Citizen Reporter
Reporter
2 minute read
18 Jan 2022
2:18 pm

Mbalula says Aarto is important after more than 1,500 arrested for drunk driving

Citizen Reporter

The driver with the highest alcohol level of 2.43mg was arrested in Johannesburg last December.

Police conduct a roadblock operation at the M4 Highway on 29 October 2020 in Durban. Picture: Gallo Images/Darren Stewart

More than 1,500 motorists were arrested for drunk driving, according to the 2021 festive season road safety statistics.

Transport Minister Fikile Mbalula released the statistics during a media briefing on Tuesday, where he revealed that human factors contributed 79% to the occurrence of fatal crashes on South Africa’s roads.

These factors include driving under the influence of alcohol, failure to wear a seatbelt, excessive speeding and disregard of road conditions.

Road factors contributed 11% to fatal crashes, while vehicle factors recorded 10%.

Roadblocks

Mbalula revealed that traffic officers conducted 651 roadblocks throughout the country, issuing 260,000 fines for various traffic offences.

“Of particular interest is that 21,431 of these fines were for drivers who failed to wear seatbelts, while 22,766 were for people who were driving without licences,” he said.

The minister also said a total of 4,251 unroadworthy vehicles were discontinued, while 4,073 vehicles were impounded.

ALSO READ: Festive season road stats: More than 1,600 fatalities due to slippery roads

He indicated that 6,169 drivers were arrested for various violations – including 1,586 motorists who were nabbed for drunken driving.

“A total of 605 drivers were arrested for driving at excessive speeds of between 190kph to well above 220kph. The highest speedster was arrested in Limpopo travelling at 225kph,” the minister said.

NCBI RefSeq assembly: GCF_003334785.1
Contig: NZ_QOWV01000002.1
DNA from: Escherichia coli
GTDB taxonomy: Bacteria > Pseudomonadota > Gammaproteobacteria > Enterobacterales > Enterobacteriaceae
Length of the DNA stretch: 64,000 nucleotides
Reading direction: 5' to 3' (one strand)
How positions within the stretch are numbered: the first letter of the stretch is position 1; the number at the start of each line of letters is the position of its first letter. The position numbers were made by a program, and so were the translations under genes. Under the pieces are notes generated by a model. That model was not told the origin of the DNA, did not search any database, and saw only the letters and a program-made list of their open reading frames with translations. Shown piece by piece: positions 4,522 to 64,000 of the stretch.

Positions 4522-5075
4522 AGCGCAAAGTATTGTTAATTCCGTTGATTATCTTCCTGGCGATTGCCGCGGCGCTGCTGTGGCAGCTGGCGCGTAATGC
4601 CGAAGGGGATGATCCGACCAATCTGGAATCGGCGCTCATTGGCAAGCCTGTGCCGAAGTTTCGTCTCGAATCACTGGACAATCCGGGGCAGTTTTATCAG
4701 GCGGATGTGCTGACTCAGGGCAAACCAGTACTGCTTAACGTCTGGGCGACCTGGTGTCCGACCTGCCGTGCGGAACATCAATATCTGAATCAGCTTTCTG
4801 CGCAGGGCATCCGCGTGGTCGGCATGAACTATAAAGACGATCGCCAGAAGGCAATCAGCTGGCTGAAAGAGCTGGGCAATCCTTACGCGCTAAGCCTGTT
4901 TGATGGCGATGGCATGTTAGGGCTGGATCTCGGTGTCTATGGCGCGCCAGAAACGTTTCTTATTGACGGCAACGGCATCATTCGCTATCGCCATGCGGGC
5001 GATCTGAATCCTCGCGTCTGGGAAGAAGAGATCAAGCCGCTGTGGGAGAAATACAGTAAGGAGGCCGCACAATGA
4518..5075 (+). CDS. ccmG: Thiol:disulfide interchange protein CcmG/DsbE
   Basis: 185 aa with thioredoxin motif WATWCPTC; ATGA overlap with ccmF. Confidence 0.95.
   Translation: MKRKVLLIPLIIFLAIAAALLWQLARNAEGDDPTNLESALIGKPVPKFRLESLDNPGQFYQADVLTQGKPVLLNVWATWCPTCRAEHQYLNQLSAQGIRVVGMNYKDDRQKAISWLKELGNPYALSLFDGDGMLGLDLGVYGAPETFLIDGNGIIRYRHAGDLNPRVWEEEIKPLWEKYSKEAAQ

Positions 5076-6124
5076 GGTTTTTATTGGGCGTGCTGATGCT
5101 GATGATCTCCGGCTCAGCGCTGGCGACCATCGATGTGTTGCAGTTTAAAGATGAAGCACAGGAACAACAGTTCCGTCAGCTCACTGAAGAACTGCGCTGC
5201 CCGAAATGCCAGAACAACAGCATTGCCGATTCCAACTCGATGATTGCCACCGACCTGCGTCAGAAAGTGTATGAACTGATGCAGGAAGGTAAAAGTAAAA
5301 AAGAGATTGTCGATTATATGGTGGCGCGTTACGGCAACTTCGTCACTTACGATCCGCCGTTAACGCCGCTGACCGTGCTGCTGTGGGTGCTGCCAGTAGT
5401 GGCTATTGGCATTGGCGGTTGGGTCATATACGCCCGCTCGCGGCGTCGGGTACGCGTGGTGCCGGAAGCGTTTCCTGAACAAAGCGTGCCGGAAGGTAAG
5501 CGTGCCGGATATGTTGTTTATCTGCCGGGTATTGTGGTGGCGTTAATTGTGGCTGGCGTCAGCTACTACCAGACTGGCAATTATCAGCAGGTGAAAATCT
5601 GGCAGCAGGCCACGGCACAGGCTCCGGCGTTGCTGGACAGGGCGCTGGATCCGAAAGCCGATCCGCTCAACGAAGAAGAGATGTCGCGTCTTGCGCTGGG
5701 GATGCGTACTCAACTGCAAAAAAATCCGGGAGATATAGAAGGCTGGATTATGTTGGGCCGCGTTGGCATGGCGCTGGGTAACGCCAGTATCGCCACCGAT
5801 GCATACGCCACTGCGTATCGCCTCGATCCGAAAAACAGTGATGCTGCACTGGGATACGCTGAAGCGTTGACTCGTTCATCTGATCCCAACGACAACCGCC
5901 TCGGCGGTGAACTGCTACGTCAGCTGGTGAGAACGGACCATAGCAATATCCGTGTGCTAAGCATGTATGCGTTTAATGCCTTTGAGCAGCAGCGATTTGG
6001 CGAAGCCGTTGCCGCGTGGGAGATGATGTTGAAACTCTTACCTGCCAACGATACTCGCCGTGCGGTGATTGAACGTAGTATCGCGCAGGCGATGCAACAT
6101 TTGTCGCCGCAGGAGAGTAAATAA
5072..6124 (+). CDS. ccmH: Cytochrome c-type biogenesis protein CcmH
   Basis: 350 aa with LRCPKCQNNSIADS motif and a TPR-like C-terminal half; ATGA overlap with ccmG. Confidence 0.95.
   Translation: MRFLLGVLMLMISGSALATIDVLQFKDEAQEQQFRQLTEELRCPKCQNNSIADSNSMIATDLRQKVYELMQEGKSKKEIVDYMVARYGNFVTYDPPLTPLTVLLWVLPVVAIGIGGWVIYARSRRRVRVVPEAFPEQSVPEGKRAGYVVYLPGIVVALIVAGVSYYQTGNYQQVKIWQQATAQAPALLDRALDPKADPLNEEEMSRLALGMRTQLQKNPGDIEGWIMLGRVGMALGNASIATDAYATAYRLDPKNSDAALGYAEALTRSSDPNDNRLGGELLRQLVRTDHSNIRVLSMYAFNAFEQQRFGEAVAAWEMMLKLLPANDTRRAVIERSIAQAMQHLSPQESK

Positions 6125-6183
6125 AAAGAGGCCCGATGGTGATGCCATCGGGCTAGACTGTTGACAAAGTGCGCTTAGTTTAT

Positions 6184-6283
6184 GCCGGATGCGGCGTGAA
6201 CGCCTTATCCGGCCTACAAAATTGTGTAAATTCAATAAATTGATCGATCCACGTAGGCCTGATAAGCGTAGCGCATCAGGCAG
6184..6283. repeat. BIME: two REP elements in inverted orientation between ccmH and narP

He added that the driver with the highest alcohol level of 2.43mg was arrested in Johannesburg on 22 December 2021.

Aarto

Mbalula also defended the Administrative Adjudication of Road Traffic Offences (Aarto) Act, saying it was needed to tackle “unlawful behaviour” on the roads with its demerit system.

“A fragmented system that fails to recognise the importance of a system grounded on national norms and standards in order to maximise its effectiveness will only result in chaos and serve as a perverse incentive for unlawful behaviour,” he said.

The minister described Aarto as the “final piece of the puzzle” in paving the way for a new road traffic management system in the country.

READ MORE: Dissecting the incoming Aarto demerit system for drivers

“The importance of Aarto in driving behaviour change of motorists and providing disincentives for unbecoming conduct cannot be over-emphasised,” Mbalula said.

He further indicated that the Department of Transport will appeal the Pretoria High Court’s ruling that declared the Aarto acts unconstitutional and invalid.

Last week Thursday, the Pretoria High Court delivered its judgement after the Organisation Undoing Tax Abuse (Outa) challenged the Aarto Act and Aarto Amendment Act in October last year.

In the judgement, Judge Annali Basson ruled that both acts “must be declared to be inconsistent with the Constitution in its entirety”.